Dismiss Notice
Join Physics Forums Today!
The friendliest, high quality science and math community on the planet! Everyone who loves science is here!

Surface Tension?

  1. Jun 9, 2005 #1

    Just a quick question:

    How do you meausre surface tension of a liquid? WHat meathods are used and how do the units reflect the data.


    Derek Mohammed
  2. jcsd
  3. Jun 9, 2005 #2


    User Avatar
    Science Advisor
    Homework Helper
    Gold Member
    Dearly Missed

    Last edited: Jun 9, 2005
  4. Jun 9, 2005 #3
    What do the units stand for? mN/m??? Newton metres/ Metres??

  5. Jun 10, 2005 #4
    mN=10^-3N and the denominator is in metres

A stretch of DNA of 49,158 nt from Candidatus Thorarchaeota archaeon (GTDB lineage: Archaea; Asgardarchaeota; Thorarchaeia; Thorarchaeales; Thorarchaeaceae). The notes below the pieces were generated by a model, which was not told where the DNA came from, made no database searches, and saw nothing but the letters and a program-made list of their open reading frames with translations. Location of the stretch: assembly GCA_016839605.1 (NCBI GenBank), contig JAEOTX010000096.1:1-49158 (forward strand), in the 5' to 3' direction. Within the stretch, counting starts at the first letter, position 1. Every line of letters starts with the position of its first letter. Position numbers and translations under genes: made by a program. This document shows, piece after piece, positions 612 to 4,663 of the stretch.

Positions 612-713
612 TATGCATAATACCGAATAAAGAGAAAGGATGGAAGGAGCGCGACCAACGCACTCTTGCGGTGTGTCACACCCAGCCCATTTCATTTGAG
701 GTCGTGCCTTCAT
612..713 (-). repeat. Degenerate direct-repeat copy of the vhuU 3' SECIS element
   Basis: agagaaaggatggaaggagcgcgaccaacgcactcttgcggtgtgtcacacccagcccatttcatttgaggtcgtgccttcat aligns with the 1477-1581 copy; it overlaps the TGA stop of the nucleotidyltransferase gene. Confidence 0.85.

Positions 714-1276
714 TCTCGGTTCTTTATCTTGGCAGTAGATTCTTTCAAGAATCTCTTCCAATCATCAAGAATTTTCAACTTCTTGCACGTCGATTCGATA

6. Jun 10, 2005 #5


    User Avatar
    Staff Emeritus
    Science Advisor
    Gold Member

    Presumably you could measure the velocity and wavelength of the "ripples" in a liquid to measure its surface tension, since it provides the restoring force for some waves on the surface. I'm sure there are other ways, though.
  7. Jun 10, 2005 #6
    Numerically Surface Tension (T):

    [itex]T= \frac{F}{l}[/itex]

    Infact, if you consider a unit length line on the surface of the water and measure the force on it from water on one side will give you Surface Tension. But thats not the 'experimental
Know someone interested in this topic? Share this thread via Reddit, Google+, Twitter, or Facebook

Have something to add?

Similar Discussions: Surface Tension?
  1. Surface Tension (Replies: 3)

  2. Surface tension (Replies: 7)

  3. Surface tension (Replies: 26)

  4. Surface tension (Replies: 12)

  5. Surface tension (Replies: 3)